The book’s next three poems take up the theme of landscape as a basis of perception and knowledge. In “Alternate Landscape,” the poet watches from the window of a jet plane while his minutes-before reality becomes lost in a surge of clouds. At this height, mountains “roll slowly downhill” in a terra firma description of clouds, which suggests an endurance one knows they do not possess. Meanwhile, patches of earth slip by; these are “another life,” mentioned thus casually to suggest the ease with which one clings to the given perspective. “Miniature” depicts an anthill shone upon by a sun-yellow dandelion and a white dandelion (“a dainty crumb-/ came of a moon”), but the tiny, work-obsessed insects “erect a temple to this sun and moon,” although the moon floats away to germinate elsewhere. In the frenzy of their task, they are paradoxically “unmindful/ of all suns and moons.” Yet their lack of “mind” is perhaps the reason for their unrelenting energy and the cohesion of their community. In “Between Leaps,” the animal and plant worlds are suspended in equilibrium until a frog, spotted “like an elderly hand” yet green as “new leafage,” arbitrarily disrupts the tenuous balance by hopping from his place of “green languor” into the water, at which point “the place’s spell/ is lifted.”

If these poems test the surfaces of our given reality, they also suggest that the urge—some would say the necessity—to test them results from a desire to experience greater relevance from the natural world, a relevance that will yield itself up only to the unromanticizing eye. This desire finds a clear expression in the title poem. Here, fireflies in their brief, seasonal mating bring even the oblique heavens, of which they are a substitute and symbol, closer, though they are “nearer than the heavens/ will ever be.” The desire of the mute fireflies is reflected in the urge vacationers feel to experience them, for they, too, feel that “Merely/ to watch, and say nothing,/ gratefully,/ is what is best.” Seasonal animals themselves, they realize that they will be “drawn too by the light,/ of another firefly season.”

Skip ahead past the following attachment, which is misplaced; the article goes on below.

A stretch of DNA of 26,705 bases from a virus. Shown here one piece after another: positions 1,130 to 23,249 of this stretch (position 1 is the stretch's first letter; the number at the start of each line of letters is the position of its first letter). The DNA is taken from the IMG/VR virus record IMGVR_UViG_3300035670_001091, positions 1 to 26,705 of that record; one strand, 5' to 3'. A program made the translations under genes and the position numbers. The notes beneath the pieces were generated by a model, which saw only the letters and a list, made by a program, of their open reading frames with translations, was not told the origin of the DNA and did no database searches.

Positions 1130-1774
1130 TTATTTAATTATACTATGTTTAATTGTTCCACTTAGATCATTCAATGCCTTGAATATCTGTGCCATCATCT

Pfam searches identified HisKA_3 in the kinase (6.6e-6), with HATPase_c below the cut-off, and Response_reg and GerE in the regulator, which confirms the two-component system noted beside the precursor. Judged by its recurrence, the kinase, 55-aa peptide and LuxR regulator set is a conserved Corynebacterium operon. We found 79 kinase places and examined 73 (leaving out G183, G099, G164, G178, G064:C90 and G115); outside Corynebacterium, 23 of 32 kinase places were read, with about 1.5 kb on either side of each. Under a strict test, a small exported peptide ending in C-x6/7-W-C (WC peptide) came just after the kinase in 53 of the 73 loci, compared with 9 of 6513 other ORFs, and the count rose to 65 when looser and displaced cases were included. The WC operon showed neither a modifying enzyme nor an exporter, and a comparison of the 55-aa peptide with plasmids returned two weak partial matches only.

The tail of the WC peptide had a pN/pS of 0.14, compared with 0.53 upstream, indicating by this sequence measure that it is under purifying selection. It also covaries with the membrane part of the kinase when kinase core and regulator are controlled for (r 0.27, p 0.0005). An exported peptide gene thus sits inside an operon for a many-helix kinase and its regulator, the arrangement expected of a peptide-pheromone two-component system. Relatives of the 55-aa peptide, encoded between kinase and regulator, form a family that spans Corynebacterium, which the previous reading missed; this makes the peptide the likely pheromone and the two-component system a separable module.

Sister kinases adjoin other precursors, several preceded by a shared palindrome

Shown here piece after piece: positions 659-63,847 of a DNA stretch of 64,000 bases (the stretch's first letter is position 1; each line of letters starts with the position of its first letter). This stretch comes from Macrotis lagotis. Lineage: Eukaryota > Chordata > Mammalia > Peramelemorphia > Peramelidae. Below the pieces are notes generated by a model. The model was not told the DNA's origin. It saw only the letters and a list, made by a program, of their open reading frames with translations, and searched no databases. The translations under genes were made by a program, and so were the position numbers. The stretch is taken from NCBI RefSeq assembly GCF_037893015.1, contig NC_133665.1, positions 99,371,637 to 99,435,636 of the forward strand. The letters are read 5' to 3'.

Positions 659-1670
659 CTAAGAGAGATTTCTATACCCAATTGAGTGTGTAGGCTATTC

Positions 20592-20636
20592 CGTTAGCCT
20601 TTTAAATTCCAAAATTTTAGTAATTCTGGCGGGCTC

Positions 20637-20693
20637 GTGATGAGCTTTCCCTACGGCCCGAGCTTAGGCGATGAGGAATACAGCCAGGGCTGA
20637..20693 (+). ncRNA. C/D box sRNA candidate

The second section consists of a poem that stands in perhaps ironic contrast to the book’s more serious concerns. A longish narrative poem called “Two Summer Jobs,” it involves two turning points in the poet’s life. The first (“Tennis Instructor, 1971”) took place during the summer before the poet entered college; the other (“Law Clerk, 1979”) seeks to justify, with some hesitation, the poet’s profession, law. The poem departs in style and intention from everything else in the book, and perhaps because it occupies the center of the collection, it provides the book’s only...

(The entire section is 2268 words.)


(Literary Masterpieces, Volume 13)

Hudson Review. XXXV, Autumn, 1982, p. 479.

Library Journal. CVII, January 1, 1982, p. 96.

The New Republic. CLXXXVI, April 14, 1982, p. 37.

The New York Review of Books. XXIX, September 23, 1982, p. 41.

The New York Times Book Review. LXXXVII, March 14, 1982, p. 12.

Poetry. CXLI, December, 1982, p. 170.

Time. CXIX, March 15, 1982, p. 84.

Virginia Quarterly Review. LVIII, Autumn, 1982, p. 133.